Thursday, March 27, 2014

Best non-Lutheran Theology to Read?

In recent years I have learned more theology from classical, conservative Anglican sources than any other. They share enough of our history and theology for me to be able to understand the language and concepts, and yet they differ from us enough to provide truly fresh insights that have helped me clarify my own thinking. I've reviewed Mascall's Corpus Christi in the past, and still can't recommend it highly enough. Today I give you an essay on Transubstantiation from the folks over at The Continuum.

The T Word.

+HRC

Wednesday, March 26, 2014

Empty Barn!

The proverbial horse has bolted, and the barn is empty! That is, the current issue is at the Post Office, and coming soon to a mailbox near you.  Assuming, that is, that you are a subscriber.  (Yes, there is a print edition.  Subscribe now if you didn't know that, or if, for some other unfathomable reason, you aren't already).



In this issue: 

Sermons
Chad D. Kendall Eric R. Andrae and Bo H. Giertz Andrae and Giertz Larry L. Beane II David H. Peter sen


Commentary on the War David H. Petersen
 Learning from Chrysostom   
Liturgical Observer Burnell F. EckardtJr.
Pardon the Interruption        
Casual Sundays
Who Says the Our Father?
Homer Nods
Sabre of Boldness Jonathan E. Shaw
Justifying Sanctification       
Michael Brockman Is 2014 Sabre Bearer
Taking Pains Mark P. Braden
Rogation Days, Ember Days 
Poem
The Apostolic Faith   Kathryn Ann Hill 
Musing on the Mysteries Karl F. Fabrizius
And He Died Genesis 5:5-27     
                            

Call For Sermons!


By Larry Beane

One of the hallmarks of our Lutheran tradition - especially within our confessional and liturgical tradition - is the strength of our preaching.  It is always a great privilege for me, as the sermons editor of Gottesdienst, to review and ponder sermons from my brethren in the Holy Office.

We all have our favorite go-to preachers that we can count on to proclaim Christ crucified, to thunder with the law, and to soothe with the gospel.  We also have a diversity of styles and approaches to the homiletical enterprise and how a given text is treated.  Our Lutheran preaching is indeed a treasure trove, and the quarterly sermons published in Gottesdienst are a delight to our readers.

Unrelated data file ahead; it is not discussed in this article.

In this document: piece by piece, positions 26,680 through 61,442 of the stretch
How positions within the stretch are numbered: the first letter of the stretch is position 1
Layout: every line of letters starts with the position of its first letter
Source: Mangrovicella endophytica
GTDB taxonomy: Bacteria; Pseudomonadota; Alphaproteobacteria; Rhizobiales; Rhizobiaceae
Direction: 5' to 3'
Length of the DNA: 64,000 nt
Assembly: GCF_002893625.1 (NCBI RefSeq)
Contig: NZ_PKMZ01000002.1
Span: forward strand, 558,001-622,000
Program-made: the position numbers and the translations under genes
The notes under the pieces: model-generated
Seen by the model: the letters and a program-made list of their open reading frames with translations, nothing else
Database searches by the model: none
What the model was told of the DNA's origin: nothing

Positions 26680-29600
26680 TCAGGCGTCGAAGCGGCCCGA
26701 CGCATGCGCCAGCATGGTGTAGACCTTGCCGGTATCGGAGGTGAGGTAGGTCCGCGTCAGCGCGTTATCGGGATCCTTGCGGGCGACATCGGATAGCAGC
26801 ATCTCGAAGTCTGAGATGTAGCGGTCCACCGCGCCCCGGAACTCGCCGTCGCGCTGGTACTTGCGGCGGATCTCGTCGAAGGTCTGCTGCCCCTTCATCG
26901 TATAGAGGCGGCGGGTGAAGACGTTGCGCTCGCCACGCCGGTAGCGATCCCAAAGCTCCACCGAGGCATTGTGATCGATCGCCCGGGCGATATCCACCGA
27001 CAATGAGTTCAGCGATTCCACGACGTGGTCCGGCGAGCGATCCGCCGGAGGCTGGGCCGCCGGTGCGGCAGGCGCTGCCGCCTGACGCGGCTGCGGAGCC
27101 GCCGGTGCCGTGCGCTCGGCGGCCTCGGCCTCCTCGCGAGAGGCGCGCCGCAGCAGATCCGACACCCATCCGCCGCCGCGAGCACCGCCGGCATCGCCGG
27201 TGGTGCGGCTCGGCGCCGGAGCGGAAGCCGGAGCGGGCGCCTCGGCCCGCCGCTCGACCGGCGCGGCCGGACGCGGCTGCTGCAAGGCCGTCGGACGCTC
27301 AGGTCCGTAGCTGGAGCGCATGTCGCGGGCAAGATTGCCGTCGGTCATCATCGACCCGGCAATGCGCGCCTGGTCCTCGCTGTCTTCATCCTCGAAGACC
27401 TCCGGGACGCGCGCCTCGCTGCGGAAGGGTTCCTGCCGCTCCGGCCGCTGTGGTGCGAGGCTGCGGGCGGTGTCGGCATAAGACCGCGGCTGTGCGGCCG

Of course, every year, our seminaries release more faithful men to do battle against sin, death, and the devil, and as preachers grow in stature and experience, their preaching improves and grows.

I know there are sermons out there that should be published in Gottesdienst, to edify pastors and laypeople alike, to assist pastors young and old in freshening up their own preaching, and in illustrating with clarity that good liturgy is not only about proper rubrics and ritual, but also in faithful proclamation of the Word.

So, if you know of a particular sermon or preacher you would like to see in our print journal, send me an e-mail at pastorbeane (at) gmail  [dot] com.

The only catch is that we run roughly a quarter ahead of time.  Even though our current attention is on Lent, Passiontide, and Eastertide, for publication, right now I am looking for sermons for our Trinity issue.  So please point me to sermons from the early Trinity season (before Michaelmas).  Also, as Sts. Peter and Paul falls on a Sunday this year, please consider sending me a sermon for that Sunday as well.

Getting published in Gottesdienst is even better than being on the cover of The Rolling Stone. We'll even send you three copies for your mother - or your fan club.  

Tuesday, March 25, 2014

Properly speaking versus most properly speaking

Oh, dear: the knots we sometimes tie ourselves into in theology. Check out this paragraph from Gerhard. The poor guy is trying to argue that penance, that is Absolution, is not really a sacrament like Baptism and the Eucharist. But then his Roman Catholic opponent throws Ap. XIII in his face. The resulting hoop jumping is, in my opinion, kind of funny.

In my secret heart I'm afraid I think I might feel the same way about the kerfuffle about "objective justification." I think I know what everybody means. I think both sides in the debate over the use of this term would agree to this: Jesus died for the sins of the whole world but that doesn't mean the whole world is going to heaven, but only those who believe in Jesus. So I just can't get myself excited about arguing over the terms. I tried once, while in seminary, to really get into this debate, but my heart just wasn't in it once I was convinced that both sides were holding to the truth above. Much as I don't care to argue with Gerhard about which are sacraments properly speaking and which are sacraments most properly speaking.

But that said, I have found both discussions very enlightening. In reading Gerhard's discussion I learned a lot about why he thought it was such an important point - it has more to do with what he wants to deny in Rome's teaching than in what he wants to affirm. Likewise, in reading through some of the "objective justification" stuff I have also learned a lot, and again I think it has more to do with denying certain heresies than in making the positive, simple, Biblical statement above.

At any rate, enjoy the distinction between proprie and proprissime.